Anyone using 45/70 for deer?

Shootist

Well-Known Member
#1
I am developing a load for a 45/70 Marlin for use on deer and boar. The problem is, it's a slightly oversized microgroove barrel rifle that is not sufficiently accurate with standard cast lead bullets. After a hell of a lot of time and trial I appear to have an accuracy load with 300 grain jacketed hollow point bullets giving a MV of about 1900 fps with 2420 ft/lb muzzle energy, delivering 1040 ft.lb at 200 yards, according to Quickload. More importantly, accuracy seems a reliable 1.5" group at 110 yards, with a one inch either side point blank range from 20 yards to 125yards.

My question is for anyone who has used such a round, or similar, is to do with the terminal effect in respect of meat damage. Any other informed observations would be welcome.
 

The tramp

Well-Known Member
#2
Use it. That'll knock'm down no problem. Eat right up to the hole too. I used to use a 320gr 444marlin at about 1870fps and it worked a treat.

Sent from my SM-G925F using Tapatalk
 

Muir

Well-Known Member
#4
I've used them for years: Remington Rolling blocks and Trapdoor Springfields through Marlins and Siamese Mausers. Great round.~Muir
 

Southern

Well-Known Member
#5
A hunting ang reloading companion of mine, now deceased, used a 300-gr Hornady in his Marlin with H-4198 @ 1,800 fps for sub moa accuracy. It flattened deer and hogs.... All shots inside 120 yards
 

alberta boy

Well-Known Member
#7
I've used pretty much the same load a number of times on white-tails , mulies and one porcupine , long story . It will definitely do the job for you . Expansion can be a bit abrupt up close but nothing excessive . The Hornady is a very reliable bullet , and recoil is quite mild compared to heavier bullet loadings . I didn't have any issues with meat damage ( except for the porcupine ) I'm sure you'll be happy with it .
Muir would know far more than me on this topic , but a lot of Microgrooved Marlin owners have issues with cast bullets . Apparently , recutting the throat so it's longer and at a shallower angle helps . I had one myself years ago . After , like you , a lot of trial and error , I found a load using hard cast 405 + or - gr gas checked bullets over IMR 4198 that would chop out one inch three shot groups . To be honest , I've pretty much stuck with the same load for about 25 years .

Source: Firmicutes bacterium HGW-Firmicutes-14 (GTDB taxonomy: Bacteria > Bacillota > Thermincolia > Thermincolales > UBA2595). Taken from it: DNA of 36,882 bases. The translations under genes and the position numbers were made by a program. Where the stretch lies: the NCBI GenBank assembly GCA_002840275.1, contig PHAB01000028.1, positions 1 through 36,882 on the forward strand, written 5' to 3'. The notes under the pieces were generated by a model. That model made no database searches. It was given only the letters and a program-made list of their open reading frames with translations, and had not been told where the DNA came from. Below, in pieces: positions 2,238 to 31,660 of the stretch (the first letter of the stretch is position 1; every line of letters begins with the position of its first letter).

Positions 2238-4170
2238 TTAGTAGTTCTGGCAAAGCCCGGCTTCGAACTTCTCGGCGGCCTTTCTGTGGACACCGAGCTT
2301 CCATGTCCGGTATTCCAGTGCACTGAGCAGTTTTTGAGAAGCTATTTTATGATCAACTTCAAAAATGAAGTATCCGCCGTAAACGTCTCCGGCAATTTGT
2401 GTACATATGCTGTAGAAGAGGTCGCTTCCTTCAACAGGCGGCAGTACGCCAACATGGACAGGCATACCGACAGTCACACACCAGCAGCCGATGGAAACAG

If , a big if I know , you can get your hands on some Hornady 325 FTX bullets , they're well worth a try .They shoot quite flat for a 45/70 and have far better energy retention than the 300 gr hollow points . I've only seen two animals taken with them , a white-tail and a good sized black bear , but they worked perfectly . Both animals went down instantly , unusual for a black bear . I do have a fair amount of loading data , drop me a pm if you're interested .

AB
 
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Muir

Well-Known Member
#8
My Son owns a Marlin 1895 Cowboy with a 26" "Ballard Rifled" barrel. Shoots the Gould 330 grain HP into one ragged 2" wide hole at 100 yards with his young eyes in control. I shoot a custom Siamese Mauser 98 45-70: it is the ultimate 45-70 powerhouse. MOA and deadly.~Muir
 

Shootist

Well-Known Member
#10
What happened to the .308
When putting in for the variation to shoot deer, I put down for my Marlin 45/70 and a .308. I bought a Bergara break barrel because it ticked a lot of boxes for me but the accuracy was unacceptable. After no small amount of expense shooting factory and reloads it was on the point of going back when in the space of about 5 rounds it started to shoot with acceptable accuracy. I have no idea why the sudden change but it was quite definite. May have been a barrel running in issue or a burr somewhere but I decided to keep it. It was kicky as hell, but a Wildcat Evolution sound moderator, purchased after I decided to keep the rifle, tamed it considerably.

In theory, the .308 will be for deer and the Marlin for wild boar, but I do love shooting the Marlin, and if the load I have remains accurate it may get used on deer as well. It will be a long time before I take a shot at over 125 yards, so either rifle will suit, with the Marlin offering a fast follow up shot if need be.
 

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